Aldo López-Gavilán was born in Cuba to a family of internationally acclaimed classical musicians. By the age of two, the young Aldo had written his first musical composition. By four, his mother introduced the budding child prodigy to the piano. He began his formal piano studies at the age of seven. He made his professional debut at the age of 12 with the Matanzas Symphony Orchestra. Parallel to his classical abilities, López-Gavilán developed remarkable improvisational skills. He was invited to perform in the world-famous Havana Jazz Festival with legend Chucho Valdés, who called López-Gavilán “simply a genius, a star.”
In 1999, he recorded his first CD, En el ocaso de la hormiga y el elefante, which won the 2000 Grand Prix at Cubadisco; it also received awards in the jazz and first-works categories. His second album, Talking to the Universe, was a success with audiences and critics alike. In 2006, he gave a concert of his newest works that was later turned into his third album, Soundbites. He was also invited by Claudio Abbado to perform as soloist in a special concert dedicated to the 250th anniversary of Mozart’s birth, in which he was accompanied by the Simón Bolívar Youth Orchestra of Venezuela. The following year, Abbado invited him to perform Prokofiev’s Concerto No. 1 in Caracas and Havana.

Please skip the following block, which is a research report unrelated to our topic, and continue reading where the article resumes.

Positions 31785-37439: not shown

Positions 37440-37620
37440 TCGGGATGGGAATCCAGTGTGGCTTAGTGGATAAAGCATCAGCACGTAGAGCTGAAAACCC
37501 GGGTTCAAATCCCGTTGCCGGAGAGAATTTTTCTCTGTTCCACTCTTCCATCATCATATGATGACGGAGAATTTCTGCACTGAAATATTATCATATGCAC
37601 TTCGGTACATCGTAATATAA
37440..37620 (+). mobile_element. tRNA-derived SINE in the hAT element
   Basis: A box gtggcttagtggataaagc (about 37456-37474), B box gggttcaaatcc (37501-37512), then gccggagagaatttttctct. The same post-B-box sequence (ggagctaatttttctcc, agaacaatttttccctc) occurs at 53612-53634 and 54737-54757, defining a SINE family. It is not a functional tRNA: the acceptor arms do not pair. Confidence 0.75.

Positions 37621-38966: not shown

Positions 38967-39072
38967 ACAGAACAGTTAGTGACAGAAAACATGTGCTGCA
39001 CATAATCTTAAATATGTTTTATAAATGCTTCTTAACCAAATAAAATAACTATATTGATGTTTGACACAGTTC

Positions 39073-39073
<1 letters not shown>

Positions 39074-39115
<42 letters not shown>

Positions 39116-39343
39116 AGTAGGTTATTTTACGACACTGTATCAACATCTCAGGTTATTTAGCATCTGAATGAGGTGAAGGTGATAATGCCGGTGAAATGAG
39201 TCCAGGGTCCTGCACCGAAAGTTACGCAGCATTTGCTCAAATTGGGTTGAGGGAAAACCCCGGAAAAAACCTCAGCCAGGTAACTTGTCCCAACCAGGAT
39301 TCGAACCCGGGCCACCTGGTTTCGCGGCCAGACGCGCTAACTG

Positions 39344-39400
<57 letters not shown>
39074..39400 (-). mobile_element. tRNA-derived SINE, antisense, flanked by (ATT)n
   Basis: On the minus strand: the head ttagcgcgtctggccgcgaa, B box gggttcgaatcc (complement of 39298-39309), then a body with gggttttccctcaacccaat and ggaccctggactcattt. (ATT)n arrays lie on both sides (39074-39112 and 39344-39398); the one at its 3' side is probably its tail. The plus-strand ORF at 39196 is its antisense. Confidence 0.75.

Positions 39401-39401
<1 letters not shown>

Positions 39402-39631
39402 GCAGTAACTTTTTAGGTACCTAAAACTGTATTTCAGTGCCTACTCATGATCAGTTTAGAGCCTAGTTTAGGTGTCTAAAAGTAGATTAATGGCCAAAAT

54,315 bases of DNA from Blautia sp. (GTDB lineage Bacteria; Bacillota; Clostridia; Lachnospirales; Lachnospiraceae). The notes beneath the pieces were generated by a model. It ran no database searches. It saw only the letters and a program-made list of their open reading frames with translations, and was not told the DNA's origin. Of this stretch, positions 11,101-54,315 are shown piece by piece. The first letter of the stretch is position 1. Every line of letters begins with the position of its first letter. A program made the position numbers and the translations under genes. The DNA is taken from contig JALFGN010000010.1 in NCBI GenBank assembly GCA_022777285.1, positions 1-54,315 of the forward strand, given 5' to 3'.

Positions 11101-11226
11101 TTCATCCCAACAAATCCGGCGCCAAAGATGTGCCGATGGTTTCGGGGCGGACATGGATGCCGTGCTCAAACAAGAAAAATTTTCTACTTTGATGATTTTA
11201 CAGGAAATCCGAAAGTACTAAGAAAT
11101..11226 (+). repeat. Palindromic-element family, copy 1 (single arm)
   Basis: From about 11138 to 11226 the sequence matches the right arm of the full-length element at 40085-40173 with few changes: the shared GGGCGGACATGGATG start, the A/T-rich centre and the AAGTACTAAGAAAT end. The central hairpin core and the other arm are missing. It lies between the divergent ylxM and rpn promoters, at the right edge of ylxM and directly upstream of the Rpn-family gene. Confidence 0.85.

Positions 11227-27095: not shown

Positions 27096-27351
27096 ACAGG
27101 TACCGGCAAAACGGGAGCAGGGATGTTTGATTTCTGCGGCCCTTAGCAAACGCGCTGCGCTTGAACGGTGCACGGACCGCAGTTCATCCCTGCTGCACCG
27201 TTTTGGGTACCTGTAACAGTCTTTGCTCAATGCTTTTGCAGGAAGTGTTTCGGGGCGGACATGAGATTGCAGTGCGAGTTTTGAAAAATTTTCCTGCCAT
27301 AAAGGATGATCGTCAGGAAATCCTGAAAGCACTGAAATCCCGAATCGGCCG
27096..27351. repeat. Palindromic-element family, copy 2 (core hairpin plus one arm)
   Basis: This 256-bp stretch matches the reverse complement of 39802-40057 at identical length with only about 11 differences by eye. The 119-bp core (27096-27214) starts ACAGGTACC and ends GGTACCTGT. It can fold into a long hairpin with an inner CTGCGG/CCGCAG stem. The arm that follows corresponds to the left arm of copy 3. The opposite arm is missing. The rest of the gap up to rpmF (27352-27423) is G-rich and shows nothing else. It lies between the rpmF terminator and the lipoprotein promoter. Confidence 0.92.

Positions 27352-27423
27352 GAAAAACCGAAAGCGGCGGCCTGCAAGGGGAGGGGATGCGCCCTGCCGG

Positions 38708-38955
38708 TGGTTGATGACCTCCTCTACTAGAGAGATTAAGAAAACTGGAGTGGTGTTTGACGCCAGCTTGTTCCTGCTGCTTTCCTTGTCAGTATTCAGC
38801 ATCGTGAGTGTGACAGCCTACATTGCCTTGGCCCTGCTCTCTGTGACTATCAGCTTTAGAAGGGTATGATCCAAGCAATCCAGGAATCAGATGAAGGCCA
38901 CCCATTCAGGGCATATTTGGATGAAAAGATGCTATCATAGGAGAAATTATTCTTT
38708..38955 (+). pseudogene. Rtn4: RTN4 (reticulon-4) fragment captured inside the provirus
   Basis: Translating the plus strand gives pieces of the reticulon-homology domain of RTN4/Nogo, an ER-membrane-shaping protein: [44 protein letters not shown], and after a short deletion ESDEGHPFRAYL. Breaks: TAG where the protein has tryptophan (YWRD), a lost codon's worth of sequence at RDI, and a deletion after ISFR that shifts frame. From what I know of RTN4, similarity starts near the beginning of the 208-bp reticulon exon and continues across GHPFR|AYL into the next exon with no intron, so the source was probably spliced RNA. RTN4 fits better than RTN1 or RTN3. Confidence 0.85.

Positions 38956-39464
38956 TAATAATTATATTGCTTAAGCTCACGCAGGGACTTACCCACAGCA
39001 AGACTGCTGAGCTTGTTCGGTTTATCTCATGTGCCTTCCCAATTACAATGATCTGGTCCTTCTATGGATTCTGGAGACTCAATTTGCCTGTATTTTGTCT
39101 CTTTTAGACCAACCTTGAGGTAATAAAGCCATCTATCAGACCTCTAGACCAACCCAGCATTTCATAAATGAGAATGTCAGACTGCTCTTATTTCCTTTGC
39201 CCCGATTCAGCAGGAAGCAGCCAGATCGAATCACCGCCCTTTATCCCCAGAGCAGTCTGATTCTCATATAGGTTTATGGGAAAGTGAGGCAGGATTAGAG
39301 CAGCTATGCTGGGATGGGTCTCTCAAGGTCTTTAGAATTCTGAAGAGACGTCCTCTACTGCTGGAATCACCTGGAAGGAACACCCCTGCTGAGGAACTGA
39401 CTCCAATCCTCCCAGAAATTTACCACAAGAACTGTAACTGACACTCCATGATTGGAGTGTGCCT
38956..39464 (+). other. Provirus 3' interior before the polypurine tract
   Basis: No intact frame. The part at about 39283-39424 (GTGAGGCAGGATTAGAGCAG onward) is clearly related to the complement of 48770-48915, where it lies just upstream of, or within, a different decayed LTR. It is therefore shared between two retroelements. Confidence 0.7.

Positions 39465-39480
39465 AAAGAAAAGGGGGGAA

In 2008, López-Gavilán was included in a documentary on the history of Latin jazz in Cuba titled ¡Manteca, Mondongo y Bacalao con Pan!, directed by Pavel Giroud. It was that same year that he recorded his fourth CD, Dimensional, which afforded him the flexibility for more musical experimentation. He has also composed music for such documentaries as El Proceso: la historia no contada. His fifth album, Aldo López-Gavilán en vivo, was released in 2009. He finished his first live DVD, Más allá del ocaso, which included orchestral selections and jazz compositions. He also composed original music for Cuban director Lester Hamlet’s film Casa vieja.